Three thousand souls - and that seems drastically insufficient for the architecture you’re about to see.

The population peaked at 4800 in the 50s, but that still seems scant.

This, of course, could be anywhere.

The tree, which of course brought back downtown shoppers by the multitudes, and the old ornamental lighting fixture, which means someone’s thinking about “a historic district.” Bricked up lower floors, painted over. But it’s not a picture that says decay.

Let’s go around the corner:

I’ve researched what this means, and came up with nothing particularly interesting. In short, I don’t think that’s the Maritzky Building.


This is. You know, the Clarborne Hotel and Clinic.


It’s a museum now, well-reviewed; concerns itself with local history. And if that makes you think of family trips wandering around an underpopulated place, keeping your voice down, pushing buttons on “interactive” exhibits, well, I hope that’s a pleasant memory. It is for me.

Wikipedia: “The museum claims the oldest compressed bale of cotton in existence in the United States. This cotton display is believed to have been baled about 1930.” Oh.

An unusual modernization, but intriguing:


Looks as if it slants out, like the cover of some enormous electric razor.

Hoorah! A few still exist.

As regular readers to this site know, I love the old grocery store chains, mostly because I’m not required to shop in 1965. I prefer the variety of items you get in a modern store - but I still love the old signage and Muzak.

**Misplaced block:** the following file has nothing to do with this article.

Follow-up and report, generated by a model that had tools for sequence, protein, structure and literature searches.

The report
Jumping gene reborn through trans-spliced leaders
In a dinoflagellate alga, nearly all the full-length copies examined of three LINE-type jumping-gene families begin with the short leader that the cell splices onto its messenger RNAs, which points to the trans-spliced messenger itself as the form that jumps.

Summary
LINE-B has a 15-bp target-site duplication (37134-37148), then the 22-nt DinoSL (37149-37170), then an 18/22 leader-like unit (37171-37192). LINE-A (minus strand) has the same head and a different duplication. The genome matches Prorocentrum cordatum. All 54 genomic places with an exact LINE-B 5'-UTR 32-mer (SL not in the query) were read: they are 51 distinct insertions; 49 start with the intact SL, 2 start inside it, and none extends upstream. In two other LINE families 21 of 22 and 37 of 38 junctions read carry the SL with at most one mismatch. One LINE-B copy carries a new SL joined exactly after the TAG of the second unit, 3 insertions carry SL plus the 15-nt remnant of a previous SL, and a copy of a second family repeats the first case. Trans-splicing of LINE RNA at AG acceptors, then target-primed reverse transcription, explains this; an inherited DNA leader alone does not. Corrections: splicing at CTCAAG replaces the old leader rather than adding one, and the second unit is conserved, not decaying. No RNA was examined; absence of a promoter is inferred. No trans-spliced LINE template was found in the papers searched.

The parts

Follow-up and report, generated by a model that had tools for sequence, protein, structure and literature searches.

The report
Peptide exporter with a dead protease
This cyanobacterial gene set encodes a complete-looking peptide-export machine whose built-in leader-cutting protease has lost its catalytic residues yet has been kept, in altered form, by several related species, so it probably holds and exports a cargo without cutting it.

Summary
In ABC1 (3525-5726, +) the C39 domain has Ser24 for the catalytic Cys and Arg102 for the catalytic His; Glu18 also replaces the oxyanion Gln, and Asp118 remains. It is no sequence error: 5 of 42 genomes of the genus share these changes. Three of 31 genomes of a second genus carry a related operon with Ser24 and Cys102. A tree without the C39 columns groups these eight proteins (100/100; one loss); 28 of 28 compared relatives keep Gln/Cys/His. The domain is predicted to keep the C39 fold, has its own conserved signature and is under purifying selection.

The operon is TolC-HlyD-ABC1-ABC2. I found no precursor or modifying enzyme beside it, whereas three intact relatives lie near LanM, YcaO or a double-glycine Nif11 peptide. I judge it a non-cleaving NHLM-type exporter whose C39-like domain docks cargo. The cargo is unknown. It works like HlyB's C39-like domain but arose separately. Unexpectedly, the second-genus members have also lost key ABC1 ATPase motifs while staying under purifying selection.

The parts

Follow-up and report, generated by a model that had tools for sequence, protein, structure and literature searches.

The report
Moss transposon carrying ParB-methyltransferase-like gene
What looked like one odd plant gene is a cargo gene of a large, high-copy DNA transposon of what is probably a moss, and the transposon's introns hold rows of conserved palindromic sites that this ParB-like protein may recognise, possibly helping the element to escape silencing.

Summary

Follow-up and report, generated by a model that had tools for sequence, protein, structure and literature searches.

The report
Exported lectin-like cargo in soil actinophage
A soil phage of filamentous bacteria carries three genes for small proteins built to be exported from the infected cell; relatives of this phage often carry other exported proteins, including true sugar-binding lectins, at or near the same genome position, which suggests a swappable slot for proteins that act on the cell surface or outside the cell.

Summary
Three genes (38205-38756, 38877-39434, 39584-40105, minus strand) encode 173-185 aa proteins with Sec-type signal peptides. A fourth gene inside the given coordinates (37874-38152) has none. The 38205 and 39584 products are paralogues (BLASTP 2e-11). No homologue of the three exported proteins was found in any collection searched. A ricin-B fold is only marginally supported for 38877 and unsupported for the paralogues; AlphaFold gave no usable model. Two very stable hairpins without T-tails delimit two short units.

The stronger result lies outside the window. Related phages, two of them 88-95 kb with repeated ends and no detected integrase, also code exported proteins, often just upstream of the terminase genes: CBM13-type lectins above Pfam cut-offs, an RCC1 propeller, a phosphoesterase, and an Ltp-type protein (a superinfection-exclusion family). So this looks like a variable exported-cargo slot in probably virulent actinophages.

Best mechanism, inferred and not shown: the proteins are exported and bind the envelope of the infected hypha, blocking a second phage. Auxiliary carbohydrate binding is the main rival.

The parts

None of which you’ll find here, probably.

Yes, there’s your downtown overhaul. Empty spot where the tree used to be. .


Pavers heaved up for maximum tripping power.

Hard to read, this one; The awning doesn’t seem to match the black-mirror tiles. The inset was a window? A bigger sign? Where are the old windows?

Another post-war rehab separating the second floor from the first with extreme prejudice:


Something was Limited, but we’ll never know from here.

A nuclear blast in 1890 left shadows of the citizens forever burned into the side of the building:


Oh, this was a beaut:

ding ding

Either take it all off or leave it alone. This looks like a skin condition:


Not the most stirring of murals, but its heart is in the right place.

Of course, the bank. Which is banky.

You expect the tiny trash can to say "answer me these questions three" before it'll let you pass.

Finally: the courthouse. One of the few pre-Civil War courthouses remaining.


It’s the center of town, and the square around it . . . seems to drowse in the heat like a cliched dog in a cliched movie where deep-seated tensions are about to simmer to the top.